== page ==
25 (6)

.08

50 (48)
40 (38)
15 (14)

108 (35)
141 (46)
57 (19)

Days to bed surface change 2 days

52 (49)

80 (26)

20 (5)

<.001

21 (5)

.001

Feeding tube
Transport off unit for test or procedures
Paralysis (chemical or mechanical)

Final surface or bed: bed changed if need identified after initial surface placed on at admission
Standard
Pressure relievingb
Specialtyc

6 (6)
50 (47)
51 (48)

.56

67 (22)
130 (42)
111 (36)

Hospital LOS, per patient, mean (SD), days

39.3 (27.1)

19.7 (17.9)

0 (0)

<.001

ICU LOS, mean (SD), days

20.9 (11.7)

7.7 (8.7)

0 (0)

<.001

Abbreviations: BMI, body mass index, calculated as weight in kilograms divided by height in meters squared; ED, emergency department; ICU, intensive care unit;
LOS, length of stay; OR, operating room; RASS, Richmond Agitation-Sedation Scale.
a
Values are number (percentage) of admissions unless otherwise stated in the first column. Because of missing data, not all percentages total 100, and
denominators used to calculate percentages vary.
b
Versa Care Bed, Synergy Mattress (Hill Rom), or Sof Care (Gaymar).
c
Envision, Clinitron, Total Care Sport, Total Care Bari, or Excel Bari (Hill Rom).

point prevalence rates are calculated the third week


of each month.
A retrospective chart review was conducted on
all patients listed on the monthly sheets of point
prevalence rates from January 2010 through October
2010. Records were verified to ensure that all ICU
admissions for the same hospital admission were
correctly identified. All ICU admissions were reviewed
separately for 41 variables. No patients or admissions were excluded. Pressure ulcers present at the
time of hospital admission were not included in
the analysis. For patients who were readmitted to
the ICU, history of hospital-acquired pressure ulcers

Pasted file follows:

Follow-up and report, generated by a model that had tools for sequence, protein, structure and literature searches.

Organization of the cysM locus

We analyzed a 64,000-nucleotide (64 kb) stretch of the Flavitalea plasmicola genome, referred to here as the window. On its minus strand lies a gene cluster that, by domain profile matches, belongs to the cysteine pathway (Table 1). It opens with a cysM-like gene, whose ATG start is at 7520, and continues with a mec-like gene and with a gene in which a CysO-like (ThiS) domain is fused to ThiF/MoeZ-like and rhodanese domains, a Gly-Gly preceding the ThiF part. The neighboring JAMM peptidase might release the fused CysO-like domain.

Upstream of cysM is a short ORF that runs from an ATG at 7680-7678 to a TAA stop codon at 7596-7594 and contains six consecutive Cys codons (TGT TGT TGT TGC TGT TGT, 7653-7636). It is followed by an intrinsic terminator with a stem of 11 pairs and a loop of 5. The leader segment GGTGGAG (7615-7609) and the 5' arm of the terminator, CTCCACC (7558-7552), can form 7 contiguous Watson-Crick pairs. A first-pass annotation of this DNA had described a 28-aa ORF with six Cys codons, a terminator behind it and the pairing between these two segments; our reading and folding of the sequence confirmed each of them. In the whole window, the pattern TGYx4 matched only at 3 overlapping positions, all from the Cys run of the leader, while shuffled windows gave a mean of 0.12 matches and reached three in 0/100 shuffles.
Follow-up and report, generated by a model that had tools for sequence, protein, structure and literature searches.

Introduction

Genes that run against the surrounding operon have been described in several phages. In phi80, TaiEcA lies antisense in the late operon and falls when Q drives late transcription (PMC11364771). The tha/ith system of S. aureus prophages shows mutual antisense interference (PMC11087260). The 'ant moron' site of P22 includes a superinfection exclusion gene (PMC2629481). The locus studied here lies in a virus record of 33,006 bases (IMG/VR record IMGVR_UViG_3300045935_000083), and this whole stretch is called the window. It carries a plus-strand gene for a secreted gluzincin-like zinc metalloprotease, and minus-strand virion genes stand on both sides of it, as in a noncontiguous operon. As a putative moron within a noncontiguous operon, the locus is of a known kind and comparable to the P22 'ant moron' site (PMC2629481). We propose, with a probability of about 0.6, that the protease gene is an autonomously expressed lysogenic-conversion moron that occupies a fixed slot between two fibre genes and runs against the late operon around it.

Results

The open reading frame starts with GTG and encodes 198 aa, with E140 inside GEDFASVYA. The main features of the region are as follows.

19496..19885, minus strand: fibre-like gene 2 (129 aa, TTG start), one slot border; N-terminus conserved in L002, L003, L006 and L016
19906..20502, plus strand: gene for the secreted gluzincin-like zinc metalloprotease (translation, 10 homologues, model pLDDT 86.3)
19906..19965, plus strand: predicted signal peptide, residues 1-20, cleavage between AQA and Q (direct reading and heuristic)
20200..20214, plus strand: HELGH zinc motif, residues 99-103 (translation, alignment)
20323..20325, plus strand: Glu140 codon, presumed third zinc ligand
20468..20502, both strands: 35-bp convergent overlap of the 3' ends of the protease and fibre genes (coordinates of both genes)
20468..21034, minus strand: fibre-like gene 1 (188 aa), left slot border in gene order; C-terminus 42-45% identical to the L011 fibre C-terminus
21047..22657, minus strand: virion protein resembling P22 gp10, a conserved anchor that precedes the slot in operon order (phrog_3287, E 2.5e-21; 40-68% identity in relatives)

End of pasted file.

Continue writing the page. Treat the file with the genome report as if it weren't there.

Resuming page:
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Bly3_16pgs.indd 158

was reviewed to determine hospital location at the


time of first documentation of each pressure ulcer.
Incidence of ICU-acquired pressure ulcers for the
sample was used as the outcome measure. Any
staged pressure ulcer was included in the analysis.
Some variables were obtained per patient (eg,
emergency department visit, hospital length of stay,
mortality). The majority of variables were obtained
per ICU admission. Tables 1 through 4 list the types
of variables (ie, pressure, oxygenation, perfusion,
and comorbid conditions) with notation when each
type was analyzed per patient only. Initially, all 3
nurse team members (D.B., M.S., C.S.) verified the

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Table 2
Oxygenation variables as risk factors for pressure ulcers in the intensive care unita
Variable
(345 patients, 436 admissions)

Pressure ulcer developed


(109 admissions)

No pressure ulcer
developed
(327 admissions)

Data missing

Svo2 or Scvo2 <60% for 5 min

59 (63)

63 (42)

197 (45)

.002

Svo2 or Scvo2 >85% for 5 min

21 (23)

35 (24)

197 (45)

.88

100 (92)

189 (58)

3 (1)

<.001

6 (23)

12 (31)

371 (85)

Not tested

92 (84)

171 (52)

P/F<200
b

Cardiac index <1.5 or cardiac output <4 L/min


Spo2 <90%